New Zealand's "cradle to grave" Welfare State got the nod on this day in 1938, when the Parliament approved an enormous extension of tax-funded benefits.
Does that make today the birthday of our Welfare State? The US Government was told in the following year New Zealand's Social Security Act was the first attempt at such a comprehensive national system.
But Kiwi academic Michael O'Brien has argued it is inaccurate to characterise the act as the "beginnings and basis of the New Zealand social security scheme". The building blocks had begun 40 years earlier.
Welfare has evolved a lot since the first Labour Government's 1938 act, but its foundations remain clear in the current system.
I can promise the people of this country that before very long they will have reached a condition of social security unsurpassed in any other country of the world.
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Q - What was the Social Security Act 1938?
- It created a comprehensive system of tax-funded benefits. The act said they were designed "to safeguard the people of New Zealand from disabilities arising from age, sickness, widowhood, orphanhood, unemployment, or other exceptional conditions".
Q - Did it cover medical care too?
A - Yes. Treatment in public hospitals was free and the state funded about two-thirds of the cost of a GP visit, the rest being paid by the patient.
Q - Did earlier social welfare benefits exist?
A - Yes. The Liberal Government introduced a tax-funded old-age pension in 1898. Access was strongly linked to sobriety and good moral character and the payments were means tested. A widows benefit was introduced in 1911, family assistance in 1926, and a limited form of payment to the unemployed existed in the Great Depression of the early 1930s.
Q - What changed under the 1938 act?
A - It renamed "pensions" as "benefits". It introduced invalids and temporary-sickness benefits and formalised unemployment payments. Family assistance was extended. Universal superannuation was promised to start in 1940 for those aged 65 or older. It would rise gradually and eventually replace the old-age benefit, which was subject to reductions based on a person's or couple's income and assets.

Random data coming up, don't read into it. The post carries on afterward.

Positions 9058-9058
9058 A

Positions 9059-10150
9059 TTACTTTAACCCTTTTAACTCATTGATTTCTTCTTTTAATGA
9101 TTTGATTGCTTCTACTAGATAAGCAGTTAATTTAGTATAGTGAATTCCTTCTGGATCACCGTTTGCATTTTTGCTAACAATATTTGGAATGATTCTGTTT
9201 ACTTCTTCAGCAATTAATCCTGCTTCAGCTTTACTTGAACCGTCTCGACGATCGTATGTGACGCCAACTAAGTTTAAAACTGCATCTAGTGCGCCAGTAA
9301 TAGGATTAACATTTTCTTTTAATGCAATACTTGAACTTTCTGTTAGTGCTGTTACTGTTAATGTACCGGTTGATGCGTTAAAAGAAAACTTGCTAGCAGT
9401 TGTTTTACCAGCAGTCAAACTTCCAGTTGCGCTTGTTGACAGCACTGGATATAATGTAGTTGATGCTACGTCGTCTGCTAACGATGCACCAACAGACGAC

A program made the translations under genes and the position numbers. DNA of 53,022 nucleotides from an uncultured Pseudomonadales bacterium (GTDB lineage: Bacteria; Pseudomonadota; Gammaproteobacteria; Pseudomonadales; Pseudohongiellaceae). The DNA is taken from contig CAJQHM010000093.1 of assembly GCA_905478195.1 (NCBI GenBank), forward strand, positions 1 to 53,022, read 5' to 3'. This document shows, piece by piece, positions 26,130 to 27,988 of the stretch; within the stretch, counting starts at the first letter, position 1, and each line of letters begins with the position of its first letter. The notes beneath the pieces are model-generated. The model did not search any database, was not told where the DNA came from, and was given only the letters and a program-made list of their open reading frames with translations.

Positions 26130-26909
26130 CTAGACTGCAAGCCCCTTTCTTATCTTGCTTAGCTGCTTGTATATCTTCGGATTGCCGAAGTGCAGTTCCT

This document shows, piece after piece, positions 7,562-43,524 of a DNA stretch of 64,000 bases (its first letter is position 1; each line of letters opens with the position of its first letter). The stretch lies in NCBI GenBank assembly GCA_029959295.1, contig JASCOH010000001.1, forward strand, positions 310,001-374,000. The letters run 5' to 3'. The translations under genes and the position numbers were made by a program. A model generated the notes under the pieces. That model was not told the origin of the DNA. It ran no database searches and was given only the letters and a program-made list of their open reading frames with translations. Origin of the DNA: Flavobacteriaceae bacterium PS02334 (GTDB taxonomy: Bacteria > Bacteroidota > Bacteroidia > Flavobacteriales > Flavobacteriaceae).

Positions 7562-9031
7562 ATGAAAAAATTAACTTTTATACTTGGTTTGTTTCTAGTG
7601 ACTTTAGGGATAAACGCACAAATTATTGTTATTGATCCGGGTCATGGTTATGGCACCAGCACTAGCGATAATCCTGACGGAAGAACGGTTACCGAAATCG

Q - How much was the super?
A - It was to begin at 10 pounds a year (about $997 today), rising to 78 pounds ($7778) by 1968.
Q - Who could get the benefits?
A - Citizenship was the main decider, but morality still played a part, and Maori suffered discrimination under the new Social Security Department's discretionary powers.
Q - How was the act viewed overseas?
A - A report for the US Government in 1939 described it as "the first attempt on a national scale to combine under one integrated system of economic security protection against all hazards which are covered by social insurance in other countries. Only the workmen's compensation legislation remains separate".
Q - How was it portrayed here?
- The Welfare State is considered the legacy of Michael Joseph Savage, the prime minister who oversaw the passing of the 1938 act. This is what he said of the legislation:
"I can promise the people of this country that before very long they will have reached a condition of social security unsurpassed in any other country of the world."
Q - What did the conservative Opposition say about it?
- Opposition Leader Adam Hamilton said the Government was wrong to claim the benefits were free, because everyone would be in the tax-gatherer's net and have to pay for everything they received.
Q - How much did the scheme cost?
A - The first year was estimated to cost 17.85 million pounds (about $1.78 billion today), up from 7.5 million pounds (about $748 million) for the previous social services.
Q - How was it funded?
A - At first around 55 per cent was to come from the state's Consolidated Fund. The rest was to come from a new 5 per cent income tax plus an annual fee of one pound (about $100 today) for men over 20, and 5 shillings (about $25) for women and teens aged 16-20.